plate 21_warne

 

plate 4_warne

 

“This book covers many different types of English furniture; bedsteads, bookcases, bureaus, cabinets, chests, cupboards, chairs and others. This book illustrates cover this book covers molding details on English furniture from about 1574 to 1820 molding is the method adopted by the cabinetmaker to give definition to the lines of his work and the sections of molded detail very very much as one style has succeeded another through the oak, walnut, mahogany and satinwood periods of English furniture the workings of moldings was then so laborious that the craftsman use them with greater restraint and obtained more pleasing effects by their use than is frequently the case today when profusion often eliminates interest.”

H. P. Shapland, 1923

 

E.j. Warne’s book, Furniture Mouldings, is still one of the best resources on 16th to 19th century British furniture. Almost never out of print, copies can be had for as little as $1.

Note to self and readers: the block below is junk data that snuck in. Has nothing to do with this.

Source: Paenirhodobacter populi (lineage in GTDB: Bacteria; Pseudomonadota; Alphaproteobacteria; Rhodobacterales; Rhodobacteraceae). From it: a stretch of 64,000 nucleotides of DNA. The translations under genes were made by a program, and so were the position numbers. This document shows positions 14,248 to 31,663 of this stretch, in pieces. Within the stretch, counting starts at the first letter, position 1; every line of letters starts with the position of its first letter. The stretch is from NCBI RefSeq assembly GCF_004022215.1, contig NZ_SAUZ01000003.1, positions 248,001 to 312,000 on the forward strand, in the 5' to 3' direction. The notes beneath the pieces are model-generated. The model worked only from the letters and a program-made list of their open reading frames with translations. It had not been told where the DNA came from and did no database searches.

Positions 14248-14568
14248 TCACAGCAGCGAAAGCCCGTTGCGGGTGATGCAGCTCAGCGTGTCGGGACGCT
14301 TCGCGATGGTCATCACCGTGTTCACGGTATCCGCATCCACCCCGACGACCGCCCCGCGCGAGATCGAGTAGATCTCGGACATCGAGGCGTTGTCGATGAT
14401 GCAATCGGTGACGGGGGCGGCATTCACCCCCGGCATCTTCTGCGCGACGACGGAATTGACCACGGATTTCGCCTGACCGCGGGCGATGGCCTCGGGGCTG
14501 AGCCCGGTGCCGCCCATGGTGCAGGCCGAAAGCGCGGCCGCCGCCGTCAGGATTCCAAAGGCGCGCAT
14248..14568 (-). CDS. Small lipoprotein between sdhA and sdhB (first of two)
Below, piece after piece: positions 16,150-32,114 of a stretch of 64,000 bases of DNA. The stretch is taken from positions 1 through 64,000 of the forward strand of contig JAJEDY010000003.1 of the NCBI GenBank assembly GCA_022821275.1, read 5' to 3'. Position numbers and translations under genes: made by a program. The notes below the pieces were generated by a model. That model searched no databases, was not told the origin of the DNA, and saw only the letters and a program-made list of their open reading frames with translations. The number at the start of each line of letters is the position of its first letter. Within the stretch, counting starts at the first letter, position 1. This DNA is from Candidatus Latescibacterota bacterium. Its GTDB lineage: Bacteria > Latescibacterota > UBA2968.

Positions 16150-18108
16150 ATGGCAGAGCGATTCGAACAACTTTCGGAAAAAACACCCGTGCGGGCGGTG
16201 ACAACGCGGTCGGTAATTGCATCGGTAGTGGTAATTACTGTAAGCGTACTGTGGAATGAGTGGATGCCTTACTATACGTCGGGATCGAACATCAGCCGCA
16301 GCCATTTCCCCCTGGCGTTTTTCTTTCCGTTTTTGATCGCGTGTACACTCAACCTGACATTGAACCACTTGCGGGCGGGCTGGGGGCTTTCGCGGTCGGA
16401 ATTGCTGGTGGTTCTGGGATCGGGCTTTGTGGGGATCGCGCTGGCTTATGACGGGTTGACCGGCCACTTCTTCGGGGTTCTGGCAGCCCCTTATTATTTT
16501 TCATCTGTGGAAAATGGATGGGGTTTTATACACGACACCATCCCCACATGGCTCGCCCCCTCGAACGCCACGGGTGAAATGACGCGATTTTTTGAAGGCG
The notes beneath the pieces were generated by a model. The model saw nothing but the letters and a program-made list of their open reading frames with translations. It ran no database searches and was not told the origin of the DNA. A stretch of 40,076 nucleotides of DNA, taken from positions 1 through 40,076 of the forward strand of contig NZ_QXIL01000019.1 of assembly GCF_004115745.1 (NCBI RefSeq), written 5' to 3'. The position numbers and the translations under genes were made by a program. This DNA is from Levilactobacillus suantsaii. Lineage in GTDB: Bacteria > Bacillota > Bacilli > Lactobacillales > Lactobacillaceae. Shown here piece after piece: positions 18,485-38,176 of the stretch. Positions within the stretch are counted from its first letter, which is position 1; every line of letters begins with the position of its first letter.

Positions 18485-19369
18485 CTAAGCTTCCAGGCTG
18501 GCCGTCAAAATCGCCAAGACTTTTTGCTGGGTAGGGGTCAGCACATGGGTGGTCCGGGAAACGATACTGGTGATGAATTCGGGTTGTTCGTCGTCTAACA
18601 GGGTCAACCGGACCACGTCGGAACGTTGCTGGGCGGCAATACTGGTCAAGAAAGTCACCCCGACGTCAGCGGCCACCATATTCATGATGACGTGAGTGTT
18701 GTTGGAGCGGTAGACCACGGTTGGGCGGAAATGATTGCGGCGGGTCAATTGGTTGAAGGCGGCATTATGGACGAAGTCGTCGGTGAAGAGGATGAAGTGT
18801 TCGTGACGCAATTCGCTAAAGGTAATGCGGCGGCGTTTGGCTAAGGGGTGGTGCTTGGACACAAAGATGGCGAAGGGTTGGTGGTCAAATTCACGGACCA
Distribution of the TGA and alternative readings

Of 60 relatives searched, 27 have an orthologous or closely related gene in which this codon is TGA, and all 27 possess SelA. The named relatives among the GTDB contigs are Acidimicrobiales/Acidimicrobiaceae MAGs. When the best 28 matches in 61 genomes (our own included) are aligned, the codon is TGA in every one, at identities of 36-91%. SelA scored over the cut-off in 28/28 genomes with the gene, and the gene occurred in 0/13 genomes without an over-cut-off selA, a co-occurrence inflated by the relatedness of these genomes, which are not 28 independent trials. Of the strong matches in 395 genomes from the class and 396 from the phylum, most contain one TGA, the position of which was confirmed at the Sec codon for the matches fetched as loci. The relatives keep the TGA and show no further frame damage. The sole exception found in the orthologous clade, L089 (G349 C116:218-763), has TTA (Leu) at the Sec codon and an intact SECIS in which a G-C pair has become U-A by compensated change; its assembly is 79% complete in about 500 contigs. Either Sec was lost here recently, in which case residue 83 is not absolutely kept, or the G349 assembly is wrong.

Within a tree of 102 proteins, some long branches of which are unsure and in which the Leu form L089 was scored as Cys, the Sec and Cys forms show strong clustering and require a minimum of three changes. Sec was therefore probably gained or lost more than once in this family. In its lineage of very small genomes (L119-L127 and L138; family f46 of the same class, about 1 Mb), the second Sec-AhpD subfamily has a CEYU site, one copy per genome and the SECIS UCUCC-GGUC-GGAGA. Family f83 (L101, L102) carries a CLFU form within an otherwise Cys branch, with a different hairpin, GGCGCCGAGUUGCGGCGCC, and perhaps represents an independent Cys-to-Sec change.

Until you get a print copy, you can download a digital scan of the book below. Scanned from an ex library copy, there are a number of damaged pages but you can get a good idea of the scope of the book.

FurnitureMoulding_EJWarne_1923

 

– R.D. Wilkins

 

3 Methods Of Scaling From Photographs

 

photo-6In February I posted an article about using your hand in photographs as a scale reference but didn’t go into how you extract that information once you have a copy of your photos. Here are three methods, two analog and one digital, that you can use to figure out hard dimensions from objects in photos.

Equal Space Dividers

Once you have had some practice, this is the fastest method of the three, even faster that the digital method and you can use them right off a photo from a book or even a smart table screen. If you don’t have a set of equal dividers, also called 10 point dividers, you can buy a new pair for between $250 and $300 from various sites such as this one, or this one . They sometimes show up on Ebay but plan to pay around $75 to $100 for a used set.

In this photo of a 1840’s Greek revival casing, we’ll scale the actual size using the hand in the photo as a reference nomen.